Friday, November 10, 2023

Weekly Review 10 November 2023

Some interesting links that I Tweeted about in the last week (I also post these on MastodonThreads and Newsmast): 

  1. A detailed piece on Biden's executive order on AI:
  2. More details on Biden's executive order on AI:
  3. The history of ChaptGPT:
  4. Now Microsoft wants to use AI to boost the security of its products:
  5. Italy's chief of AI is 85 years old (not necessarily a bad thing) and has no expertise on AI (that is bad):
  6. Scientists and other experts need to be free to communicate information to the community without fear of being targeted by conspiracy theory loonies. What Siouxsie Wiles has gone through is entirely unacceptable:
  7. How university librarians will need to adapt to AI:
  8. I'm not optimistic that the incoming government is either motivated to or capable of making New Zealand universities world-class. Tertiary education has been treated as a political football for decades, to the detriment of the country:
  9. Should the big companies developing AI be more responsible for the harm their technology creates?
  10. An AI assisted laundromat, in small-town New Zealand:
  11. While the headline claims that an AI was used to modify the photos, could it have been a more basic image manipulation? In either case, another potential misuse of AI technologies:
  12. Generative AI uses a lot of energy. While models need to be made more efficient, I'd rather that energy be used for training machine learning models than mining cryptocurrency:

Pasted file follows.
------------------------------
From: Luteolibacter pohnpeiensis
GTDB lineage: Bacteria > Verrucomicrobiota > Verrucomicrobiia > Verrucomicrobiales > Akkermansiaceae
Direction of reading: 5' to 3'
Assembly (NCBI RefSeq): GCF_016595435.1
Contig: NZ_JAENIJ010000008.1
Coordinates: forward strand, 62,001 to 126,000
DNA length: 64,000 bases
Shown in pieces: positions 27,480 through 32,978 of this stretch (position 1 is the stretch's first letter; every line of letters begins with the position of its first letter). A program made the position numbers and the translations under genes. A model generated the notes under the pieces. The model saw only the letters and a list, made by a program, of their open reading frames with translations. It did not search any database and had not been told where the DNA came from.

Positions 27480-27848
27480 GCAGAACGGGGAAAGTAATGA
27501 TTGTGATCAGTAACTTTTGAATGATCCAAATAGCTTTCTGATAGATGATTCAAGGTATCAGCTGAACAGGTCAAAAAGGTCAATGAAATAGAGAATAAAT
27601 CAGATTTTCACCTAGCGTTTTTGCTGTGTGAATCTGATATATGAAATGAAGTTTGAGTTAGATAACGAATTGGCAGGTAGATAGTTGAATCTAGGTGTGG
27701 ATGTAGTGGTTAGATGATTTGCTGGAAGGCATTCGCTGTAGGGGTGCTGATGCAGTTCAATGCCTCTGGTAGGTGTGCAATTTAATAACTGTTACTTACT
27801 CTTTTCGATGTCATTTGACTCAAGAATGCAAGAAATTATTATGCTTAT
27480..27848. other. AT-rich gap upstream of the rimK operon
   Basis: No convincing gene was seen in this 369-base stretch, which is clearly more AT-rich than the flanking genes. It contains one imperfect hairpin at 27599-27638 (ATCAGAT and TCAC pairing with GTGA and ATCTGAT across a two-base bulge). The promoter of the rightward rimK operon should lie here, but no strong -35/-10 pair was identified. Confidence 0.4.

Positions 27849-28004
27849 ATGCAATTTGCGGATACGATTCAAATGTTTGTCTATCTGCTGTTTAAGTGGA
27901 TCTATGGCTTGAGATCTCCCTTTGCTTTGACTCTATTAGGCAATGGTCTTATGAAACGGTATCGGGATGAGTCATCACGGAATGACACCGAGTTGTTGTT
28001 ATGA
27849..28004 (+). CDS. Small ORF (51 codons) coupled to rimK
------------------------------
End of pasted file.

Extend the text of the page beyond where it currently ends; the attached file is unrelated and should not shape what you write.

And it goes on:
13. "DeepSteaks" - an amusing play on words, with a serious message about how AI can be used to produce misinformation:
  14. Using people's likenesses without their permission is another problem with generative AI:
  15. It's not surprising that actors have an issue with the use of generative AI in Hollywood, it's now trivial to produce video of anyone doing anything, without their knowledge:
  16. And of course the big AI companies have plenty of arguments for not paying the people whose material they used to train their models: How about sharing some of those billions with the original creators?
  17. There's a lack of people with the skills to write effective prompts for generative AI. So should companies just recruit or train in-house?
  18. Generative AI doesn't have understanding of what it is producing, so of course it lacks any idea of things like what it is appropriate to poll readers about:
  19. A comprehensive guide to using AI art generators:
  20. I largely changed research fields for my postdoc career, although I still spent most of my time developing algorithms and software, just in a different context. These tips would have been helpful to me at the time:
  21. I'm not sure that having an AI enabled pin/badge is really more convenient than a smartphone - a lot of people wouldn't be caught dead without their phone:
  22. Continuous machine learning with nanowire chips. I bet these would be really low power, as well:
  23. A custom large language model AI for assisting chip engineers:
  24. Six myths about #AI debunked:
  25. How mixing #AI technologies can make large language models better:
  26. Five things that came out of the UK government's AI summit:
  27. My concern is that different governments have different ideas about what "unsafe" means for AI:
  28. Sunak's AI summit is a start, but I expect all the good intentions are going to get lost under a tsunami of self-interest:
  29. The use and abuse of AI is just another example of why it was a bad idea to let corporations grow to be as powerful as governments:

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